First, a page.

Gov. Jay Inslee will seek $10 million in 2023 to establish the Institute for Northwest Energy Futures at Washington State University Tri-Cities.
The move fulfills the dream of the late Bob Ferguson, an influential U.S. Department of Energy and Energy Northwest executive who endowed the institute’s first chair with a $500,000 gift shortly before his death in August.
Inslee announced his intent to fund the institute at a press conference in Richland on Dec. 12, where he was flanked by Kirk Schultz, president of WSU, Sandra Haynes, chancellor of WSU Tri-Cities, and Sen.-elect Matt Boehnke, R-Kennewick.
The governor called the institute one of the state’s most important undertakings.
“We understand in the state of Washington and WSU and the Tri-Cities a fundamental precept of energy. The No. 1 source of renewable energy is not below our feet. It’s not buried in the ground as fossil fuels,” he said. The No. 1 resource, he went on, is the human capacity to innovate.
“The Tri-Cities is the center of capability as far as per capita engineers,” he said.
“I could not be more excited about anything going on in the state of Washington. The sky is the limit.”
Inslee’s announcement coincided with the U.S. Department Energy’s announcement that scientists conducted fusion experiments that generated more power than they consumed on Dec. 5 at the Lawrence Livermore National Laboratory near San Francisco, a groundbreaking development with vast potential to transform how humans generate and use energy.
Inslee said fusion research is the kind of work that could – should – happen in Washington state.
“That’s the kind of thing that can happen here,” he said. He anticipates broad support for the institute in Olympia.
“I am cautiously optimistic about legislative support for this idea because it is so in keeping with the DNA of the state of Washington to recognize the power of R&D,” he said.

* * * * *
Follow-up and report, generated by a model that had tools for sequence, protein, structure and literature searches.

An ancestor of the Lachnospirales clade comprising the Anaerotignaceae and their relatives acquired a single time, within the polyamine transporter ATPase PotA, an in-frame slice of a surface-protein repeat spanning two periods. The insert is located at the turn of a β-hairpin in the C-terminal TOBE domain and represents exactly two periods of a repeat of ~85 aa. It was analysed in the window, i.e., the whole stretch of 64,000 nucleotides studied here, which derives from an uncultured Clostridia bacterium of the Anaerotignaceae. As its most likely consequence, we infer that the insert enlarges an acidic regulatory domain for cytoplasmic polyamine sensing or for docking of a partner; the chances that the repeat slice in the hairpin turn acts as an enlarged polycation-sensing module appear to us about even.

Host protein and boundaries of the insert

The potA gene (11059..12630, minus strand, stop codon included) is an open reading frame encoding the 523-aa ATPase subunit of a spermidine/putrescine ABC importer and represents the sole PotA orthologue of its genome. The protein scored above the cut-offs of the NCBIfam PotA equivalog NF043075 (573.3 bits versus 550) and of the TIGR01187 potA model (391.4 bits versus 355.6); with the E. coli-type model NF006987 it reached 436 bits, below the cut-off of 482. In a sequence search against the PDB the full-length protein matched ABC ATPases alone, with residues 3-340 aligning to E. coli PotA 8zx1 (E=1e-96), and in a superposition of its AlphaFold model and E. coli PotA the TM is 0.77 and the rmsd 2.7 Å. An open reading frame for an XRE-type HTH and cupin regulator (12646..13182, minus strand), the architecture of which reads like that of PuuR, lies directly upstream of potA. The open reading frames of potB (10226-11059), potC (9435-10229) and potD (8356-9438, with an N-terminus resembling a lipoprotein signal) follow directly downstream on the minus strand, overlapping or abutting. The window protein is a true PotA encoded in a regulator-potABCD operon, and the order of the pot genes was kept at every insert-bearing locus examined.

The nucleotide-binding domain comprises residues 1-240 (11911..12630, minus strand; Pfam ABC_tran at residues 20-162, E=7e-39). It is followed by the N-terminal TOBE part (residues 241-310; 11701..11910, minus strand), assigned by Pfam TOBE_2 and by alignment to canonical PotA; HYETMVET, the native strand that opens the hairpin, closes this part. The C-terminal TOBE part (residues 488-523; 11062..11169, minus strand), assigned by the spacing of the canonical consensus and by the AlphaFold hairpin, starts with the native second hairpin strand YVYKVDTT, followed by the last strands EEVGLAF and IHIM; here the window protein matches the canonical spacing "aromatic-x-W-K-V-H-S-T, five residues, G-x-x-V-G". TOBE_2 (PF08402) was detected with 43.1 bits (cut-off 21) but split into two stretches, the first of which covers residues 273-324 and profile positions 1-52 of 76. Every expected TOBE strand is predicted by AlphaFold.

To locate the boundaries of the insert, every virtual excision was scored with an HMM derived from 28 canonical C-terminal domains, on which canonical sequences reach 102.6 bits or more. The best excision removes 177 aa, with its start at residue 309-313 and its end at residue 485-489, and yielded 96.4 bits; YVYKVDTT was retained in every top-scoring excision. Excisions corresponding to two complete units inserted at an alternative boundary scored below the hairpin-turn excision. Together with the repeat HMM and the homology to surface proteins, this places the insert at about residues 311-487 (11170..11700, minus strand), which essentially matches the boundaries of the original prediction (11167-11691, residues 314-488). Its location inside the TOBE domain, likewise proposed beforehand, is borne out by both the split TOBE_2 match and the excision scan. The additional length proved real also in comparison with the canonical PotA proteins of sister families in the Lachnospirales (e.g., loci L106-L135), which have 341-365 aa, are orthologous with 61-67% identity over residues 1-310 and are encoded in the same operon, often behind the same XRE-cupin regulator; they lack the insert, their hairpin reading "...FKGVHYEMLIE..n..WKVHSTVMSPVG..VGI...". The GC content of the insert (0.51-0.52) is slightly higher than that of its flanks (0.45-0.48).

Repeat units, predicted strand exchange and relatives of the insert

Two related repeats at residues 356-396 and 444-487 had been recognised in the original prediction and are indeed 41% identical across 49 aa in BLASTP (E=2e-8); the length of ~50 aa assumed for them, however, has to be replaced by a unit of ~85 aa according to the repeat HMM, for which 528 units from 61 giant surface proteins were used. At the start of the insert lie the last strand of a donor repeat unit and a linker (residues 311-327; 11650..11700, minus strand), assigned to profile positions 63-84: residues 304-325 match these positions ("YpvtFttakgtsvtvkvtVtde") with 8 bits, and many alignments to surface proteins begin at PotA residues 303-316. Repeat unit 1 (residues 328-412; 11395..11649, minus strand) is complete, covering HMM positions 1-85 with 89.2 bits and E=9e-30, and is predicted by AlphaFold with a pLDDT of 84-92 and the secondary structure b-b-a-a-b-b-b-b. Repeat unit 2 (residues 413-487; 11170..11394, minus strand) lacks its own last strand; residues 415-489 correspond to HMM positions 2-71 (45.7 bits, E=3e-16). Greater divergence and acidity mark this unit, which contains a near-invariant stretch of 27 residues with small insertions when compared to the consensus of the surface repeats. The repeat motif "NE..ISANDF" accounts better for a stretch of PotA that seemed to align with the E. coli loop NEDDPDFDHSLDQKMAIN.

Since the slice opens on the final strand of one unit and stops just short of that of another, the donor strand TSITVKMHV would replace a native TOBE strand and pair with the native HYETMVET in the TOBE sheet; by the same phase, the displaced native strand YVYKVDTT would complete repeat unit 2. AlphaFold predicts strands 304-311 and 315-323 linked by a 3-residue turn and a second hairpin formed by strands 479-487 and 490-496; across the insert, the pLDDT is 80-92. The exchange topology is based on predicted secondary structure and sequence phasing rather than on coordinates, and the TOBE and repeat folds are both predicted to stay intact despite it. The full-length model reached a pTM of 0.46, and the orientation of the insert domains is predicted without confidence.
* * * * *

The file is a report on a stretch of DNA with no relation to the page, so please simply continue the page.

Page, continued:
Haynes, who leads the WSU Tri-Cities campus, said the institute will hire eight to 10 professors to begin and will tap into the WSU system’s network of research institutes, including the bioscience facilities on her campus.
The Tri-Cities is well positioned to capitalize on its abundant energy resources – hydro, nuclear, wind, solar and biomass.
Her boss, Kirk Schultz, president of WSU, credited her for making energy a focus of the campus, one of five in the system.
“I want us to be tackling the tough problems. I don’t want us to be working at the margins,” he said.
Boehnke, the House member who will take his seat in the state senate in January, is a longtime advocate for building on the Mid-Columbia’s energy assets, including its physical capacity to generate power as well as the technical know-how of its many engineers and scientists.
“Do we want to be known as the center of the universe for clean energy? Yes.”
Editor’s note: Learn more about how the Tri-Cities is embracing its role as a center for clean energy technology in the special Energy section included in the December edition of the Tri-Cities Area Journal of Business.
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